Are Drugs More Than Commodities?

JANUARY 01, 2006
Fred M. Eckel, RPh, MS, Pharmacy Times Editor-in-Chief

Last month, I suggested that many groups were not paying attention to pharmacy's main message that pharmacists are important to help people make the best use of their medicines. I suggested some reasons why our message may be ignored. Let me suggest another reason why our message is ignored. Could it be that what we do speaks louder than what we say?

What pharmacist practices could lead to viewing drugs as another commodity product? Pharmacists say that they should be helping patients achieve pharmaceutical care outcomes because the drug product can cause adverse events. Many patients are taking a statin product for lipid management. Although rare, patients may experience muscle weakness. If pharmacists consider the statin product more than a commodity, wouldn't they ask the patient, when dispensing a refill prescription, if he or she had experienced any muscle weakness in the past month? When I asked my students if they were taught that this was a good practice, they all agreed. When I asked them if they ever observed this practice, however, no one had.

Let me use the statin drug to illustrate why our actions may speak louder than our words. Statin drugs must be taken continuously for best results. We all recognize that many patients who start statin therapy stop therapy early for a variety of reasons. If the drug product is an important tool to achieve pharmaceutical outcomes, than it would seem that the pharmacist would be concerned that patients comply or adhere to the dosage schedule and continue therapy. I once heard a speaker say that medication compliance was a problem looking for an owner. We all know continuous statin therapy is critical to achieve desirable goals in disease management. It is well-known that patients do not adhere as they should. Recently, the National Quality Forum stated that it was creating standards that would change the way health care providers interact with patients to improve medication adherence.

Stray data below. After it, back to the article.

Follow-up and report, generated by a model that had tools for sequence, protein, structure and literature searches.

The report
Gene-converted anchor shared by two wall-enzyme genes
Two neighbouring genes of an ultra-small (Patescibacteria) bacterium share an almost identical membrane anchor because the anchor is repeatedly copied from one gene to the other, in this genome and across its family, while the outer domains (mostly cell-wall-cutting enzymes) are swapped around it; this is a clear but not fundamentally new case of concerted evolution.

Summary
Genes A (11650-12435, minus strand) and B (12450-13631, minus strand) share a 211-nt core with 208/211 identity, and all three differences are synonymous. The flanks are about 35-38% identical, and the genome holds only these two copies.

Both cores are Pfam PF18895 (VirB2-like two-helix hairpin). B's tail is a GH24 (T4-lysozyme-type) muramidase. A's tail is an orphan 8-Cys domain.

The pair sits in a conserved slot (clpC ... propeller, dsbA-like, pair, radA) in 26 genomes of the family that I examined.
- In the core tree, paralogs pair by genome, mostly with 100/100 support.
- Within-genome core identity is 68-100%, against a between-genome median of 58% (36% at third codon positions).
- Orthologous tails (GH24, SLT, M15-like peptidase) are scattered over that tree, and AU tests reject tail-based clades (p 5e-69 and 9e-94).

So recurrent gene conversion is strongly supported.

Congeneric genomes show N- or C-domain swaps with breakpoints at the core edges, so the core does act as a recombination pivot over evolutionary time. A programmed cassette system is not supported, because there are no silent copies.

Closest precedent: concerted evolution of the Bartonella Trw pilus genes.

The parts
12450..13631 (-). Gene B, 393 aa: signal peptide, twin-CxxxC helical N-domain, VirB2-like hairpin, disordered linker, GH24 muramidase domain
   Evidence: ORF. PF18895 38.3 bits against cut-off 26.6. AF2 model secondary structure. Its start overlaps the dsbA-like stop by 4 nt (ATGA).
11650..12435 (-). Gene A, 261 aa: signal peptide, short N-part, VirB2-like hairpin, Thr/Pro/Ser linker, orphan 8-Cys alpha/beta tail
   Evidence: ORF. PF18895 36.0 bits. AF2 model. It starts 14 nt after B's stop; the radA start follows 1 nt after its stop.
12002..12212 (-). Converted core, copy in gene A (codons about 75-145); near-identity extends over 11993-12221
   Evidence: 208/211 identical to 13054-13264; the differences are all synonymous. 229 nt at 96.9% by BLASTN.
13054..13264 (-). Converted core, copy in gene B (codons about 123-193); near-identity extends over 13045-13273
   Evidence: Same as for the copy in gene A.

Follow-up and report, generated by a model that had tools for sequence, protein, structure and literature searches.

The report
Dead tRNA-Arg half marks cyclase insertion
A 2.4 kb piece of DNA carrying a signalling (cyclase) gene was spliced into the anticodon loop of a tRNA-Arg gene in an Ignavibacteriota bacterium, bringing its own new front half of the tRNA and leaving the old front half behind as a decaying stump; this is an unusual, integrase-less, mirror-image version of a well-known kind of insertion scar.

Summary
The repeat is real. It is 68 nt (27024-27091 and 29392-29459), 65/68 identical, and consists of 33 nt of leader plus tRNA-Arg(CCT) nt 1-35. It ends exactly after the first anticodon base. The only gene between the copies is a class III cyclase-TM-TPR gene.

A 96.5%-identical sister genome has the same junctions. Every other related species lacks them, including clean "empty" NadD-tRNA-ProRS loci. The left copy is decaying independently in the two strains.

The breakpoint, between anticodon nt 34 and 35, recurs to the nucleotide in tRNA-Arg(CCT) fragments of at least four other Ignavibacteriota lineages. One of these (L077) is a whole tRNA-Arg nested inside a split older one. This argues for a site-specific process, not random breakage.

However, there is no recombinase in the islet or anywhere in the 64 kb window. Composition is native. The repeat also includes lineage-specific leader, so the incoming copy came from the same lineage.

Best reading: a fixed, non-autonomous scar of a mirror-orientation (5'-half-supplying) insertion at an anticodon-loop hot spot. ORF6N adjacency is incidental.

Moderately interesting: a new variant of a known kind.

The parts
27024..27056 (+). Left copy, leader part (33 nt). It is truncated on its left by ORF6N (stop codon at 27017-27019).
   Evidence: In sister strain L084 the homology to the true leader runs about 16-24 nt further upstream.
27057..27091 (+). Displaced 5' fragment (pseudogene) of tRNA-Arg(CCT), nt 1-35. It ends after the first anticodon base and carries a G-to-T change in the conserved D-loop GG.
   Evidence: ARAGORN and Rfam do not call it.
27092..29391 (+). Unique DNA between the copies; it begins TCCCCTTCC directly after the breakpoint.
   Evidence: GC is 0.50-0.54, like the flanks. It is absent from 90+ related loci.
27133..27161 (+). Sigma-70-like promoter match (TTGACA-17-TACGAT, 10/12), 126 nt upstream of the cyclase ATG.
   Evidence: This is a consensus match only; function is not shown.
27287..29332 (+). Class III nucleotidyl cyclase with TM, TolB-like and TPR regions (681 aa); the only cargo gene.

Yet, how many pharmacists even know when patients do not return for a refill, or, even worse, care that the patient has apparently discontinued his or her chronic disease therapy? Yes, what we do speaks louder than what we say. If we want legislators, consumers, or other health professionals to pay attention to what we say, we need to change our practices and stop treating drug products as a commodity. If we do not, then we can expect that many will not pay attention to our message.

Mr. Eckel is professor and director of the Office of Practice Development and Education at the School of Pharmacy, University of North Carolina at Chapel Hill.